Press "Enter" to skip to content

Regenerative farming to help cacao farmers survive El Niño: DRCIDC

PROMOTING regenerative farming is the way for growers to be resilient during the El Niño or dry season, a Davao Region Cacao Industry Development Council (DRCIDC) official said.

Wit Holganza, chairperson of Cacao City Marketing Coop and vice president of DRCIDC, said at the Habi at Kape last March 20 that regenerative farming is a way to retain moisture in the soil during the el niño season.

Kailangan natin ang mga farmers committed to doing good agricultural practices and regenerative practices for soil health. Hindi na enough na pakainin lang ang puno, kailangan talaga alagaan ang lupa (we need the farmers to be committed to doing good agricultural practices and regenerative practices for soil health. It is not enough to feed the tree, we also need to take care of the soil),” Holganza said.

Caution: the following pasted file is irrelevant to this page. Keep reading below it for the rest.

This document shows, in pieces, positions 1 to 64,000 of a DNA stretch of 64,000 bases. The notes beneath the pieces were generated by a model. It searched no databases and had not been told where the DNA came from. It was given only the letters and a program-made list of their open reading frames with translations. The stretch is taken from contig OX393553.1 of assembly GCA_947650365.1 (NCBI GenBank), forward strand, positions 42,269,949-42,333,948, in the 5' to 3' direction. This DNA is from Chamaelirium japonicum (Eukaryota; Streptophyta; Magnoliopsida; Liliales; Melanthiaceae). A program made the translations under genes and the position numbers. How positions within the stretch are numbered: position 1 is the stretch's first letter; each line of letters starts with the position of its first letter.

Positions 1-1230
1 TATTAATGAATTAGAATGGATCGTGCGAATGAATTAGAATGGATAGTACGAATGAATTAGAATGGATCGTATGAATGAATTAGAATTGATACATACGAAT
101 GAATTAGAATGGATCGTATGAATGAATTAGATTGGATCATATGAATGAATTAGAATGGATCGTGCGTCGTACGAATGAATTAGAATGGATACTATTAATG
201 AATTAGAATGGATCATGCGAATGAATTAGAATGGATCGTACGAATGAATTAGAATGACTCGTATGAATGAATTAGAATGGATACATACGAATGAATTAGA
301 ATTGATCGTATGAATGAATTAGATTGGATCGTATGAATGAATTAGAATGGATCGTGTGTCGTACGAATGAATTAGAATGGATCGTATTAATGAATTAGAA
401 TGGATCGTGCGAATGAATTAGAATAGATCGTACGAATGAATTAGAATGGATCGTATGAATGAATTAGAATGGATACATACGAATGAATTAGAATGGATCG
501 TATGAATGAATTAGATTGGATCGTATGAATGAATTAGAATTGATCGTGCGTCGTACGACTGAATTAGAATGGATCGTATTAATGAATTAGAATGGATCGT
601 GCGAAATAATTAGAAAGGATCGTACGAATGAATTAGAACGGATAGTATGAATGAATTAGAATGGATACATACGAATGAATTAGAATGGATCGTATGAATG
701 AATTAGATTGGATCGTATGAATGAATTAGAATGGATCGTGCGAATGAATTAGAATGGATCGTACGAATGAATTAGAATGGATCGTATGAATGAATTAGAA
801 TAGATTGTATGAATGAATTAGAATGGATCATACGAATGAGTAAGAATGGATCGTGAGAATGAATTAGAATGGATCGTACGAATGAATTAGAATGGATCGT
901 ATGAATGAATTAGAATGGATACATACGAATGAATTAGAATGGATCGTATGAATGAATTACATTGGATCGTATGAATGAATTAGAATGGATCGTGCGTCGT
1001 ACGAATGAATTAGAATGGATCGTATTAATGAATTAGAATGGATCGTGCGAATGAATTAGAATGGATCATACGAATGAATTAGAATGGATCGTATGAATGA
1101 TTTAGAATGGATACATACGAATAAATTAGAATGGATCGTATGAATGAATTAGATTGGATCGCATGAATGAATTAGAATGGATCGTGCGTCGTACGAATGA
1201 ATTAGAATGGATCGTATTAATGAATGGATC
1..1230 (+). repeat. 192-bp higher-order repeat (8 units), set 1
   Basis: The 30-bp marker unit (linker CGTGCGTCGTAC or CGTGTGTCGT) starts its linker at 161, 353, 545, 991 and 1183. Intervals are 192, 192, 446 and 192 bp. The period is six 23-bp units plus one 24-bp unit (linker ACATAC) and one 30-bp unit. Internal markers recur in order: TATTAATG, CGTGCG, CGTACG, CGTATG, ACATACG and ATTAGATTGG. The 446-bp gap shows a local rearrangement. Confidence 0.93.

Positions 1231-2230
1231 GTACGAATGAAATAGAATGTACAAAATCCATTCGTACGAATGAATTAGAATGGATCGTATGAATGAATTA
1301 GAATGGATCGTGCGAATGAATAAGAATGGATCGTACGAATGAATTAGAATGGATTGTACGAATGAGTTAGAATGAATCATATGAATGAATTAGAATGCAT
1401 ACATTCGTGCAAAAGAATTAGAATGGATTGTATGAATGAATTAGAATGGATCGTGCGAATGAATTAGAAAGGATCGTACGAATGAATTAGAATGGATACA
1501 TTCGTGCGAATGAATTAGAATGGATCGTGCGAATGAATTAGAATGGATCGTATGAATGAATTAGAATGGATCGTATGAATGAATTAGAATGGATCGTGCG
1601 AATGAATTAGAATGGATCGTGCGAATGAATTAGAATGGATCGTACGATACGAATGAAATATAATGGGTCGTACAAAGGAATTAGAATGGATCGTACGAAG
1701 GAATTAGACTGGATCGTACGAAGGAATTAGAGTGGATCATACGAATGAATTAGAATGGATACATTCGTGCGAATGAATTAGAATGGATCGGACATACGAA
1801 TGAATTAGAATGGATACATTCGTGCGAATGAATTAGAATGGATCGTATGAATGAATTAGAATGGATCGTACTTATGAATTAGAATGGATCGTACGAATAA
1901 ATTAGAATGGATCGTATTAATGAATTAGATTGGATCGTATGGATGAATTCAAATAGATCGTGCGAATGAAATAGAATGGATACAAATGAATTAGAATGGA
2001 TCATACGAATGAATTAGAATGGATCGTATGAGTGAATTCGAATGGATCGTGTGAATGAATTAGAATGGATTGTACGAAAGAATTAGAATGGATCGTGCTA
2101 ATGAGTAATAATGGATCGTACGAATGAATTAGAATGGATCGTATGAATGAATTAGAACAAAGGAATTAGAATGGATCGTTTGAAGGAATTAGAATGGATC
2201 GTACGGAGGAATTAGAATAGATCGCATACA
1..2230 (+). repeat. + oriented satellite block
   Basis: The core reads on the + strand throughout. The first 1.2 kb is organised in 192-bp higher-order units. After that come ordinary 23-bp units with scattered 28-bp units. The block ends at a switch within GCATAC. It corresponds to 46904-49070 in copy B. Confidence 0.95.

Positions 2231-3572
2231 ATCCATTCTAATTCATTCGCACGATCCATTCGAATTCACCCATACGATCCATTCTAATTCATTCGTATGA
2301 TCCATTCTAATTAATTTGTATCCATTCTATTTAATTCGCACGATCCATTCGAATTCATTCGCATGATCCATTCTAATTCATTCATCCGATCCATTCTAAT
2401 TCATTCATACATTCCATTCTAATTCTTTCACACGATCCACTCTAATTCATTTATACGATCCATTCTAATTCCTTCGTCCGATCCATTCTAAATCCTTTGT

Regenerative farming, according to Holganza, includes not using herbicides to kill grass, practicing biodiversity in the farms, and using natural and organic inputs.

“Kasi hindi natin kailangan patayin ang grass. Kailangan natin ang diverse na ground cover kasi para ma-prevent ang pag evaporate [and] ma-keep ang moisture on the ground (there is no need to kill the grass. What we need is a diverse ground cover to prevent evaporation and retain moisture on the ground),” she said.

Last March 22, PAGASA announced in a briefing that the warm and dry season had begun.

On March 25, the Davao City Disaster Risk Reduction and Management Office reported that Davao City’s heat index had reached 43℃. People were warned that heat cramps and heat exhaustion are likely, and heat stroke is probable with continued exposure.

“El niño [does affect cacao farmers but] when you see that many farms practice biodiversity and use natural and organic inputs, they have soils that can keep moisture on the ground during [the] prolonged dry period,” Holganza said.


Powered By ICTC/DRS